On Air Now
Smooth Classics at Seven with Zeb Soanes 7pm - 10pm
16 June 2023, 20:36 | Updated: 16 June 2023, 20:38
Hans Zimmer proposes to his partner during London performance
A Hans Zimmer concert became a scene from ‘The Holiday’, as the film maestro asked his girlfriend to marry him on stage.
Speaking directly to her, the Oscar-winning film composer joked, “Why did I bring you up here? I was going to ask you something really important. Did you lock the back door? Is the milk in the fridge? Do we have any sorbet in the freezer?”
Finally, Zimmer asked his partner, who is entrepreneur and New York hotel owner Dina De Luca, “Will you marry me?”. As the pair embraced, the 20,000-strong audience erupted into applause.
The surprise proposal took place on 15 June at Hans Zimmer Live, the composer’s famed arena tour featuring some of his best-loved film scores, including Pirates of the Caribbean, Gladiator and The Lion King, played with the backing of an immense, international band and live symphony orchestra.
“Things are working out well,” Zimmer added as De Luca walked over to the musicians and was congratulated by the band.
Audience bursts into applause as Hans Zimmer proposes on stage at London's O2
“I’ve got this one little number left,” Zimmer added, as the applause eventually began to die down. “It’s intimate in its insignificance but maybe not so insignificant, and maybe I quite like it.
“Dina come here,” he said, beckoning his partner over to the piano. “Play this one with me. I play, and every time I play a wrong note, you just bash me over the head, OK?”
The pair then sat down at the piano, and Zimmer played his final piece of the night, Inception.
Earlier in the concert, the composer walked out into the audience, and paused to share a hug and kiss with his partner, who was sitting in the audience. He later clarified it was “not just some random woman” that he was embracing.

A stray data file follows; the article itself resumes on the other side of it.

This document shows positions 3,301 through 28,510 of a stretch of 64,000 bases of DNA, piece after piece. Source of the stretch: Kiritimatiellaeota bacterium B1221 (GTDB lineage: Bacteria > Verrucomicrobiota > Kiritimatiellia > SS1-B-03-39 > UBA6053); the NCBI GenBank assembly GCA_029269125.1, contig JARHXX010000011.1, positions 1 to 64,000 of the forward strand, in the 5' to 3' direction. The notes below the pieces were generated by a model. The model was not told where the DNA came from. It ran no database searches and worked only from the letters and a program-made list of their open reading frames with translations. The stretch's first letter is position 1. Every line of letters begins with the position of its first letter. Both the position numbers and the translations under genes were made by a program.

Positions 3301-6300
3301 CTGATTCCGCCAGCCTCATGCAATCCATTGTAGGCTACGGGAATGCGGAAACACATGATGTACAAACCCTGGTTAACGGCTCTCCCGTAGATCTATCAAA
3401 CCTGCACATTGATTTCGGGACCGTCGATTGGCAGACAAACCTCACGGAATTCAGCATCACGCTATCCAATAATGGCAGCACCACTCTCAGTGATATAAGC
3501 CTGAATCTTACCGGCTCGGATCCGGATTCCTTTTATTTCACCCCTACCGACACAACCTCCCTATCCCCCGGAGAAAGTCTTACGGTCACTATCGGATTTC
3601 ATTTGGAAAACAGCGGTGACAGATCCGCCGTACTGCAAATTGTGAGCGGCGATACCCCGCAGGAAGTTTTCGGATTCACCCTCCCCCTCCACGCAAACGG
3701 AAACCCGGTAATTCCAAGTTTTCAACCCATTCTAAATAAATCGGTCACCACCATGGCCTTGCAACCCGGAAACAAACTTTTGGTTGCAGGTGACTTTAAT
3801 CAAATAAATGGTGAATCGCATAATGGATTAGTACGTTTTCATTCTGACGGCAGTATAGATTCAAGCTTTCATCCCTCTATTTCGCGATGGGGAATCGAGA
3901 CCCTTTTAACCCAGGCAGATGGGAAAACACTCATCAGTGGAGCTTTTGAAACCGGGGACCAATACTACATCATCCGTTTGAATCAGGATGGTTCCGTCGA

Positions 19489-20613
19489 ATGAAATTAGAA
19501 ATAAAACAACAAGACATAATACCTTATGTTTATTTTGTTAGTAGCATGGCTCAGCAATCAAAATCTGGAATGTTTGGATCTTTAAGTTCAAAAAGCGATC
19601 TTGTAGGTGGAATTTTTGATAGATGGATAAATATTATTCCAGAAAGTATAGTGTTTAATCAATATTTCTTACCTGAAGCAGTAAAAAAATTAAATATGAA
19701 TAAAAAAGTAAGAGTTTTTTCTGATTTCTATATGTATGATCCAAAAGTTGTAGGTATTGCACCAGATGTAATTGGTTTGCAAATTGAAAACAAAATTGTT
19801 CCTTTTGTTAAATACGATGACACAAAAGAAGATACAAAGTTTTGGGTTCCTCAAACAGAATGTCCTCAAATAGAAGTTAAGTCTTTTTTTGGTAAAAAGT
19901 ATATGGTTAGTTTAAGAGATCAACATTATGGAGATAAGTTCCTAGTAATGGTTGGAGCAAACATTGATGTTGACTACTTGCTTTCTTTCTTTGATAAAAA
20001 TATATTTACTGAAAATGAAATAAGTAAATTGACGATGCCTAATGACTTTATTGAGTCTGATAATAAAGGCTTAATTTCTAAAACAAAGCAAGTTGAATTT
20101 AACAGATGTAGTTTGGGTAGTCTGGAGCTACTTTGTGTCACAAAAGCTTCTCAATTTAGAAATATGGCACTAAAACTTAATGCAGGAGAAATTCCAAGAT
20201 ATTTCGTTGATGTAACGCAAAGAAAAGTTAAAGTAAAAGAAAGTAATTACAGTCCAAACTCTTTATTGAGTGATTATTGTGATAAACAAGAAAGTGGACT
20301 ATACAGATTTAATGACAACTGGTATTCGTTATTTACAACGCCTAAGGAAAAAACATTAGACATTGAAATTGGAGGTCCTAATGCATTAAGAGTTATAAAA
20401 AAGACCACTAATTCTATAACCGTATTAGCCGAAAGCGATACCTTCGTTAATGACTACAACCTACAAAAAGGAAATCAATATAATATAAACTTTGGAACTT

Zimmer has been married twice before – to model Vicki Carolin, with whom he has a daughter, Zoe, and second wife Suzanne, with whom he has three children.
Read more: The 10 best Hans Zimmer soundtracks
Zimmer’s success as a film composer has seen him nominated for 12 Oscars and win two for Best Score, for The Lion King (1994) and Dune (2021), both of which he played on the night.
Throughout the concert, he paid tribute to the huge cohort of instrumentalists who act as his “inspiration”.
“These people on this stage aren’t just the best band in the world – the finesse, training, their dedication to playing beautifully,” he said. “Without them, I’d lose so much of my inspiration.”
He invited musical legends from his most successful films on stage, including vocalist Lisa Gerrard, who sang a soaring ‘Now We Are Free’ from Gladiator. Zimmer paid tribute to Gerrard as “one of my best friends”.
As the great South African composer Lebo M, co-composer of The Lion King came on stage, Zimmer told the audience: “The Lion King gets under your skin because there’s a real lion in it – and that’s Lebo M.”
Zimmer also thanked the crew, describing them as the “true heroes” of the show.
Hans Zimmer on The Lion King score: ‘The death of a father needs a serious requiem’
A special tribute was also paid to the Ukrainian orchestra, who played the whole show.
“I would like to thank our orchestra,” Zimmer said, asking the audience for quiet, “Because our orchestra is special. Our orchestra is from Odesa, in Ukraine.” The arena then burst into applause for the young musicians.
“I think it takes enormous courage to sit here, smile at you, play without flaw for three hours while you don’t know what’s going on at home – and everything is going on at home,” he added.
Listen on Global Player: Classic FM at the Movies playlist
One of the final pieces performed at the London concert was Interstellar, which took Zimmer two years to create, but whose main organ theme he wrote in one night. For the final recording, he and director Christopher Nolan visited London’s Temple Church to record on the great organ, played by the church’s music director, Roger Sayer.
“I wrote Interstellar knowing that the organ part was unplayable by human hands. And then I met Roger Sayer here in London,” he added, introducing Sayer to the London stage.
“Most of the things I write I just think could be so much better. Luckily I have this band that makes it so much better. But Interstellar? I actually think it’s alright…”
Zimmer dedicated the moving piece “to my friends” from Ukraine.